One attendant, “Leaky” Pipedaro, had been a plumber before he took his holy vows, and told reporters that the exorcism rites are much like those required to clear a drain, but with more swearing.

Cables intercepted and promulgated by WikiLeaks reveal that there was discord in the higher ranks of the Catholic Church, with some arguing that a more important city than Baltimore was needed, while others pleaded for a smaller and more secretive venue. One bishop, travelling incognito, tried to rent the football field of Richard Montgomery High School in Rockville, Maryland, but a football game had been scheduled.

The daily work of the devil is temptation, with social networking one of his most seductive charms. In Vatican cables Bishop Thomas Paprocki says that he battles his Facebook demons hourly, and finds it extremely difficult to fight off the urge to see what his friends are doing, and to post such communiqués as, “I got a new cassock today.” The Vatican’s leadership chose to hold the exorcism training in the USA, since they decided that the devil had been defeated in Europe.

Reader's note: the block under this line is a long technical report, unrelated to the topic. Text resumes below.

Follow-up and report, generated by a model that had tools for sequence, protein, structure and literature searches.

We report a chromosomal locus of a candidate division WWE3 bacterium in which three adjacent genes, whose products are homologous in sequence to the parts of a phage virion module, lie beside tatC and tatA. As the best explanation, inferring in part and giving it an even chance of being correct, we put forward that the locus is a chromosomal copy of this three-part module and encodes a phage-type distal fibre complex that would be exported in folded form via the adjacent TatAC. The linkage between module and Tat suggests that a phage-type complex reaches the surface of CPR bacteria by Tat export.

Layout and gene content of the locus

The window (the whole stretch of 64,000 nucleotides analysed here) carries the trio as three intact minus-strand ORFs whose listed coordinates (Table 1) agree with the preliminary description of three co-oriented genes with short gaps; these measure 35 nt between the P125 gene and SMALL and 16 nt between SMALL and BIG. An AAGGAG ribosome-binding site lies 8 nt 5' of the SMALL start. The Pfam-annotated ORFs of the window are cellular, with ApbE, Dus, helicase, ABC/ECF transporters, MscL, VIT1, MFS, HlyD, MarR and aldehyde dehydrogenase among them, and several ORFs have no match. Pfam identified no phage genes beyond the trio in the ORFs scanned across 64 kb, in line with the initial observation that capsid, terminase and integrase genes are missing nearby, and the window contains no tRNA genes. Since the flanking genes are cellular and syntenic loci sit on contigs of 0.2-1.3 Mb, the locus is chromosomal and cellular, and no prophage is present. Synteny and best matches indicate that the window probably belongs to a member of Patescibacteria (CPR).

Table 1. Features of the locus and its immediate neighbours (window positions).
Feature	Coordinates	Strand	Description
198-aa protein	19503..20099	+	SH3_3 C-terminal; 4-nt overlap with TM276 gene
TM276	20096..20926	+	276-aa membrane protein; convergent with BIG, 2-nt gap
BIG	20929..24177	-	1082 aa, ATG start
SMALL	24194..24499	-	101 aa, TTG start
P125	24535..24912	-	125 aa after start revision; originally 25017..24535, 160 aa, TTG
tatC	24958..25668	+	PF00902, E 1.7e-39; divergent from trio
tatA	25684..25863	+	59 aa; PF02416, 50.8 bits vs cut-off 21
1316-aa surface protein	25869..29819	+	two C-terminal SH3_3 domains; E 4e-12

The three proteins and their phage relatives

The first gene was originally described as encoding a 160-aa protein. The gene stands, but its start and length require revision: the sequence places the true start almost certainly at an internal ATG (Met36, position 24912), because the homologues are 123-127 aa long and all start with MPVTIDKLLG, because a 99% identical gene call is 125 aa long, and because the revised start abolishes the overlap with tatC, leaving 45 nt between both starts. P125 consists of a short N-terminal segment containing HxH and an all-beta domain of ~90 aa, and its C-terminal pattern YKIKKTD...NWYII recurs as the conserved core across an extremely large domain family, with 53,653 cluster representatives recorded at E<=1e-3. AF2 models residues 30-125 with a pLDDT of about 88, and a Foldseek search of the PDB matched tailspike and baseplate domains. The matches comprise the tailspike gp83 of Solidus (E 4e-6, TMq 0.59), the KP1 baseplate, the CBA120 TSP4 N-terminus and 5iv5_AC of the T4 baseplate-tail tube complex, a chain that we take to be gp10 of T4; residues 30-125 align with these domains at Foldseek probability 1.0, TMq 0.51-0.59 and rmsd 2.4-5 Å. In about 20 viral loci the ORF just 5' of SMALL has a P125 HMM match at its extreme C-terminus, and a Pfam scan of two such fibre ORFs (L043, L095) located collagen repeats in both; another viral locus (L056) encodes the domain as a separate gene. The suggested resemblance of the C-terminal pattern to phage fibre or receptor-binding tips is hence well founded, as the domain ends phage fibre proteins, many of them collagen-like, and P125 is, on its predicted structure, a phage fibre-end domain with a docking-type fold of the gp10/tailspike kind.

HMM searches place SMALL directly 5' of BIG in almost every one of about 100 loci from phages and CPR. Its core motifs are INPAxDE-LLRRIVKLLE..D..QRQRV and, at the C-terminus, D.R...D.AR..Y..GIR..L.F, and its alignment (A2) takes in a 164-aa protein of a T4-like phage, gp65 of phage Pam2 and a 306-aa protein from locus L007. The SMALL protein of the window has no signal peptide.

According to the Vatican’s research arm, Standard Deviations of Decency, the Global Sin Index solidified their belief that America was the devil’s new playground.

A further examination of these diplomatic cables suggests that they are a Facebook for the State Department, providing a candid arena for opinion. Some US diplomats were jealous that the Catholic Church could openly perform exorcisms, while the CIA was prevented from interrogation techniques that were almost exactly like those in an exorcism rite. Other diplomats pointed to the discrepancies in pay, noting that Catholicism pays much better than democracy.

As many high ranking government officials are finding out, there are serious and unexpected consequences of having the contents of these diplomatic cables made public. Fling Dung, a member of China’s top ruling body, the Politburo Standing Committee, and the country’s senior propaganda official, decided to see if he was mentioned in any of these cables. He was angered to find that diplomats reported that he was “chubby, had bad breath and posture, was a terrible conversationalist and cheated at golf.” He became so furious that he directed the Peoples Bullying Party’s official computer hacking division to place bogus take-out orders at every Chinese restaurant in the USA.

This had the desired effect of forcing hapless American consumers to pay for food they had not ordered. And unknown to most American citizens, the Peoples Bullying Party owns majority stakes in every Chinese restaurant in the country.